We all miss from time to time. As fantasy owners, we take all the information we have at hand and try to make the best decision possible for our team, but sometimes we're just simply wrong. And that's exactly what happened last season to many in the fantasy community, this writer included, when it came to Dee Gordon (currently available in 82 percent of Yahoo leagues, 73 percent of CBS leagues and 93 percent of ESPN leagues).
In 2012 Gordon was the object of affection for many owners looking for the next big thing at shortstop, but he proved to be about as ineffective as a player can be in fantasy (minus his 32 stolen bases). He hit .228/.280/.281 after playing only 87 games due to injury and was sent back to the minors near the end of the season. He started 2013 down at Albuquerque where he posted a .314/.397/.431 line, stealing 14 bases while getting caught just twice.
But with Hanley Ramirez hitting the DL again, Gordon is back in Los Angeles and starting at shortstop. He's 3-for-7 with two walks and three steals in his first two games, and a strong couple of weeks could keep him in the starting lineup for the foreseeable future. Given that he's a shortstop who could be an elite base stealer, feel free to add him at will.
Let's get to the rest of this week's best waiver wire options:
? Marcell Ozuna, Miami Marlins (Yahoo: 93 percent, CBS: 84 percent, ESPN: 99 percent) -- The Marlins promoted Ozuna when Giancarlo Stanton went to the DL with a hamstring injury. He had been tearing up Double-A Jacksonville, hitting .333/.383/.810 with five homers and 15 RBI in just 10 games. In his first six games in the majors, he's 11-for-24 with a homer and four RBI. The Marlins have no justification to send him back to the minors, not with the way their offense has performed as a whole. If you add Ozuna, you won't just be getting a two-week rental player. He should be owned in all but the shallowest of formats.
? Patrick Corbin, Arizona Diamondbacks (Yahoo: 38 percent, CBS: 12 percent, ESPN: 6 percent) -- After another strong performance Saturday in which he allowed one run on five hits in seven innings, Corbin proved that he indeed deserves your attention. He's now 4-0 on the year with a 1.80 ERA, 295 FIP and 32 strikeouts in 40 innings. He has gone at least six innings in all six of his starts, and has yet to allow more than two runs in a game this year. He's still not the world's hardest thrower, but his velocity continues to increase, running his average fastball up to 91.6 MPH. You shouldn't consider breaking the bank for him, but he offers solid rates and decent strikeout totals at what should be an affordable price.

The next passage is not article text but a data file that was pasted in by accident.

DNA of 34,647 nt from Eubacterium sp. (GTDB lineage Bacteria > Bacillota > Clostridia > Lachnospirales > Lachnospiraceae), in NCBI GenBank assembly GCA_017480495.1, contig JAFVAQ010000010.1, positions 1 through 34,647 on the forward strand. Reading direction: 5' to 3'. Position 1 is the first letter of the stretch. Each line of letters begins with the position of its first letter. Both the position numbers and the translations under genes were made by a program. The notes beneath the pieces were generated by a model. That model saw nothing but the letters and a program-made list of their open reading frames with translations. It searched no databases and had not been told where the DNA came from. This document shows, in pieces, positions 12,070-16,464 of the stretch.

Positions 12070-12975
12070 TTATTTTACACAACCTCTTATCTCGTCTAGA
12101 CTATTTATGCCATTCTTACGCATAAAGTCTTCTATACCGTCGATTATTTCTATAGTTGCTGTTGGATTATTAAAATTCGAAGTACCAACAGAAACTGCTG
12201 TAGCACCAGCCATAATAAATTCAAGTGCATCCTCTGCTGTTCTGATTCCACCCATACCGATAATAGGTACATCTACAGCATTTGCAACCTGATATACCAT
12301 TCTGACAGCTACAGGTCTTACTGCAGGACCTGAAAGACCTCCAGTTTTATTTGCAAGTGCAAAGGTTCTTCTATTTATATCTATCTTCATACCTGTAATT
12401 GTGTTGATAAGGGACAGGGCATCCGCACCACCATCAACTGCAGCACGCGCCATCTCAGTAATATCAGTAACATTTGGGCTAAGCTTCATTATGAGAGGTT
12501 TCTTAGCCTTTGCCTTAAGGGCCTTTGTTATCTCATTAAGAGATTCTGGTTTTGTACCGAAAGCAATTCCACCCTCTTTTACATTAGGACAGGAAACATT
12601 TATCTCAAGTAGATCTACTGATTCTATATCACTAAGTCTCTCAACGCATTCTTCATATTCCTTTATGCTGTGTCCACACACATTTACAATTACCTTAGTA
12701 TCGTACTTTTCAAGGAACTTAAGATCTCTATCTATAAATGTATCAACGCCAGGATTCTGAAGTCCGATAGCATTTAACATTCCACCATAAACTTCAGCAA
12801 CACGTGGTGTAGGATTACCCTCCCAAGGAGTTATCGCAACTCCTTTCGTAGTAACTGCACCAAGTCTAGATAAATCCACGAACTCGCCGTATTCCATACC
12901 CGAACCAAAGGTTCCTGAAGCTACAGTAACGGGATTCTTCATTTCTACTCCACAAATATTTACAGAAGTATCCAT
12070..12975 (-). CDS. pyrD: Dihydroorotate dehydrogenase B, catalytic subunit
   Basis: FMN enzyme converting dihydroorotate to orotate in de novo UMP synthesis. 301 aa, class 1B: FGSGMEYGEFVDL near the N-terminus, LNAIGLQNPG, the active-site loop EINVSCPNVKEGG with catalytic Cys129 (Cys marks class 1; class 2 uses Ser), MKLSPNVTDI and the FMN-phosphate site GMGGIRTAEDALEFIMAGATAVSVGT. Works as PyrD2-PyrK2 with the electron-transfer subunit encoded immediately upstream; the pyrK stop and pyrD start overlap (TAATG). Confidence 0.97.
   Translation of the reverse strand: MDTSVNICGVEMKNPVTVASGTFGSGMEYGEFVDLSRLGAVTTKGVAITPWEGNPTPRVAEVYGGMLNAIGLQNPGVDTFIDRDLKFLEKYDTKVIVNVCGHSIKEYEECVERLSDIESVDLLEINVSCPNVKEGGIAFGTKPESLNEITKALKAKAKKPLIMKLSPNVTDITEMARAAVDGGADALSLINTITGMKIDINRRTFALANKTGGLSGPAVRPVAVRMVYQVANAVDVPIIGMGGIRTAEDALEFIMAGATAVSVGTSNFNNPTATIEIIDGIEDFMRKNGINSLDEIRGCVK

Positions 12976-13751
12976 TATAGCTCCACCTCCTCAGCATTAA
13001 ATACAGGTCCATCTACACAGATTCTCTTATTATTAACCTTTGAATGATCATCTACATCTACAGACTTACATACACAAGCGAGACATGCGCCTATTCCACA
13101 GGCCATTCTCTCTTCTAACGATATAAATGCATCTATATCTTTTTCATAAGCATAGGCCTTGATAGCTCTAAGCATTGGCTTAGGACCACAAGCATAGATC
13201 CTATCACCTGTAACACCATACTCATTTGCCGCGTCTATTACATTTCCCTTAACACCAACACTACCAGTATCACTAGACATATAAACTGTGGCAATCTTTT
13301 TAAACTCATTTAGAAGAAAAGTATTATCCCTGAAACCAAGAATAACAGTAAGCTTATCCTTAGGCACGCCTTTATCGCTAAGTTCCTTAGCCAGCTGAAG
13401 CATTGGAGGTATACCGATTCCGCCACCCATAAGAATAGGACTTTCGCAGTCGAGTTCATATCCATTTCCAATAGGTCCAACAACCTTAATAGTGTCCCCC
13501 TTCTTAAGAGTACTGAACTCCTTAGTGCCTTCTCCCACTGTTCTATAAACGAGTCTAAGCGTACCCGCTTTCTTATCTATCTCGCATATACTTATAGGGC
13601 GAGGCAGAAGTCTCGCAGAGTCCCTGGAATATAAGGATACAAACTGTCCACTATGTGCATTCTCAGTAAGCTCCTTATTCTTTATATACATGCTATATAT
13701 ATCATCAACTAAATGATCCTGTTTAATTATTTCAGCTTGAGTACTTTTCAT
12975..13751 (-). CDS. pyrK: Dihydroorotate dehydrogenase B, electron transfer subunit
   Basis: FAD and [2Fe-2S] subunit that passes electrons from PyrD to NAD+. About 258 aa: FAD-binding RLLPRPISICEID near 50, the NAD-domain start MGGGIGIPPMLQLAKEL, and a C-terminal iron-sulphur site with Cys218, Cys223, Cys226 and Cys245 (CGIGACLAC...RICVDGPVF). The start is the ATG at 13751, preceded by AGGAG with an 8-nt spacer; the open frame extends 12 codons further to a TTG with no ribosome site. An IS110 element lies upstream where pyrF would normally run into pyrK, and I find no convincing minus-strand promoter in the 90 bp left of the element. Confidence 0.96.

? Drew Smyly, Detroit Tigers (Yahoo: 82 percent, CBS: 64 percent, ESPN: 96 percent) -- This is more a speculative add based on the belief that Smyly will eventually make it into Detroit's rotation this year. In 10 relief appearances covering 20 innings, Smyly has a 1.35 ERA, 1.65 FIP and 21 strikeouts against five walks. His high strikeout rate and even ground ball/fly ball ratio makes him an ideal fit for the Tigers, a team that does not exactly boast the league's best infield defense. On the flip side of this zero sum, Rick Porcello has a 7.52 ERA and 4.90 FIP. He's barely striking out more than five batters per inning, and while his 57.6 percent ground-ball rate would be a huge asset on most teams, its value is marginalized in Detroit. I'm betting Smyly eventually takes his spot in the rotation. When he does, you'll be very happy you already have shares in the lefty.
? Didi Gregorius, Arizona Diamondbacks (Yahoo: 87 percent, CBS: 71 percent, ESPN: 88 percent) -- Gregorius returned from the 7-day concussion DL in a big way Sunday, going 2-for-3 with a solo homer. He had never shown much of a power profile in the minors, but that's already his third round-tripper this season, to go along with four doubles. Hanley Ramirez owners looking for a replacement should turn to Gordon or Gregorius, depending on overall team need.
? Kevin Youkilis, New York Yankees -- This is more directed at those of you in shallower leagues, but it could apply to deeper mixed leaguers, too. Some guys are worth holding on to when they're injured, but Youkilis is not one of those guys. He does have a 23.9 percent line-drive rate to this point, but the .346 BABIP won't last much longer once he returns from the DL. I'm not buying the slightly resurgent Youkilis we saw before he got hurt.
? Ike Davis, New York Mets -- Owners should only drop Davis if you have plenty of decent options available and aren't in a keeper league. If that describes you, it may be safe to look for another first baseman. Davis is striking out nearly 30 percent of the time this year and has a 13.6 percent infield-fly-ball rate. The increase in strikeouts is truly cause for alarm, as is the three percentage-point dip in home run/fly ball rate. Again, you don't want to make this cut on a whim, but you shouldn't be afraid to take the plunge if there are attractive names on the waiver wire.